Money on the Mind: IBD/TIPP Financial-Related Stress Index View Online

U.S. Financial Stress Falls to an All-time Low Amid Rising Incomes
Americans’ stress over their personal finances plunged to a record low in August, reflecting improved income and job prospects amid a booming labor market. The Investor's Business Daily/TIPP Financial-Related Stress Index declined by 4.2 points (5.1 percent) this month to a reading of 47.4, the lowest in the nearly 11-year history of the measure. August marks the second time this year that financial stress levels have reached an all-time low, with the previous instance occurring in
May, when the Index dropped to 49.9. Further, our stress indicator has fallen 13% over the past year, as more Americans begin to feel in their own lives the effects of a resurging economy, particularly in the form of higher wages.

TechnoMetrica developed the monthly IBD/TIPP Financial-Related Stress Index in order to measure the levels of stress that Americans have displayed in regards to their personal finances. An Index reading above 50 indicates more stress, while an Index reading below 50 indicates less stress.

Financial stress levels should remain low in the months ahead, as all three of the Index’s moving averages fell in August, with the longer-term 12-month average recording its sixth straight monthly decline. In addition, the all-time average in the measure edged lower for the second month in a row, a further indication of growing momentum in financial confidence.  

Money stress waned across demographic groups this month, as all 21 segments that TechnoMetrica monitors on a monthly basis showed improvement in the Index. Furthermore, a majority (13) of groups recorded stress levels in positive territory (below 50), up from eight in July, suggesting that financial security is becoming increasingly widespread. Consumers residing in the Northeast (minus 8.4 points) showed the greatest easing in financial stress this month, posting their lowest Index reading on record. The diminished anxiety over finances among Northeasterners has likely been driven by higher wages and healthy job growth in the region. For instance, the unemployment rate in the Northeast fell nearly 20 percent between May 2017 and May 2018. Further, according to a recent report on labor market trends from the ADP Research Institute, wage growth in the Northeast outpaced every other region in the U.S. over the past year.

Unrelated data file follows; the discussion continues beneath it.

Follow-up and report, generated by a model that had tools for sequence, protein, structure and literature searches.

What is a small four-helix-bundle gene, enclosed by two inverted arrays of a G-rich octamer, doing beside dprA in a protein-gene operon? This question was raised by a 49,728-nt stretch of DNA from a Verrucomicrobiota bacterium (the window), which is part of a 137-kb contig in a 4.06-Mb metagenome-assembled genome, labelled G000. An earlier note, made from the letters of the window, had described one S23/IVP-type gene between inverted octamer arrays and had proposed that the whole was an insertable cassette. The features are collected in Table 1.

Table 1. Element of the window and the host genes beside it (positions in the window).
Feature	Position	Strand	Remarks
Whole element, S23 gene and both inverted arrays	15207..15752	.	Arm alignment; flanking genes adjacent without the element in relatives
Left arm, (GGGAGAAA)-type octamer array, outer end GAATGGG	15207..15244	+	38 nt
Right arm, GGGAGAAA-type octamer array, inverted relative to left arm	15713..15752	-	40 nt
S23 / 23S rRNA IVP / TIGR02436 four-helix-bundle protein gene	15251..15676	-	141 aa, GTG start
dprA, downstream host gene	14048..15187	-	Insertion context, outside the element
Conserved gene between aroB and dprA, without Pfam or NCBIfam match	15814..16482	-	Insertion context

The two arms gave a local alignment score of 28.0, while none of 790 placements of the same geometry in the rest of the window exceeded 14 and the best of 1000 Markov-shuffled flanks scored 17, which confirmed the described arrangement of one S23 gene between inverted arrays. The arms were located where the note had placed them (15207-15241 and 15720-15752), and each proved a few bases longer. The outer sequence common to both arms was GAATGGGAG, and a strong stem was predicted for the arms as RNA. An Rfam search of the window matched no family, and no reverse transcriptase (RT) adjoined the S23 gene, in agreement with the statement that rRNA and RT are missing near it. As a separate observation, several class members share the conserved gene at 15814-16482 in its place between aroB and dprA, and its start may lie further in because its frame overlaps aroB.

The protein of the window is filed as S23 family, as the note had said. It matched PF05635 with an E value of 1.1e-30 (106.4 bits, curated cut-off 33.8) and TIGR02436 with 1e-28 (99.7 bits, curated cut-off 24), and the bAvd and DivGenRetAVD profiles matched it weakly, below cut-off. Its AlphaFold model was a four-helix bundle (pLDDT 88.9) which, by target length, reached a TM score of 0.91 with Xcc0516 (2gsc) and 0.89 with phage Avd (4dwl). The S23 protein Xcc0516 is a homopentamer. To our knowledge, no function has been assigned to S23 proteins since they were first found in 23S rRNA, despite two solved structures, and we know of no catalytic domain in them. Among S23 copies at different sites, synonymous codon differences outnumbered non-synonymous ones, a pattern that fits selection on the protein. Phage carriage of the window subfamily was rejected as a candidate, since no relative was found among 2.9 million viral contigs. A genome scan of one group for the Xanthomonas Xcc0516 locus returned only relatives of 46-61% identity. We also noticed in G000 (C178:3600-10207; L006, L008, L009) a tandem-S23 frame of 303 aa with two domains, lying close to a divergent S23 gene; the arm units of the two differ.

Financial worry also ebbed significantly among African Americans and Hispanics (minus 5.8), with the segment recording its lowest levels of stress since January. Both groups have seen their unemployment rates hit all-time lows in recent months.

Meanwhile, women are reporting their lowest levels of financial stress in the study’s history, as the gender group displayed a 5.6-point positive change in the Index this month. The employment situation among women has brightened in recent years. Female employment is closing in on its record high set in March 2000, according to government data. In addition, unemployment among women fell to its lowest level since 1953 in June.

Stress over personal finances has also eased markedly among the 25 to 44 and 45 to 64 age cohorts, each of which exhibited a 5.2-point improvement in the measure. The lessening in financial worry among consumers aged 25 to 44 reflects the steady rise in the number of prime working age Americans that are re-entering the workforce after being sidelined for much of the economic recovery. In July, the share of 25 and
54 year olds with jobs reached its highest level since 2008, at 79.4, according to the St. Louis Federal Reserve. However, employment has grown even more rapidly among older workers, as the Federal Reserve has found that all net job growth between 2000 and 2017 was among those aged 55 and older.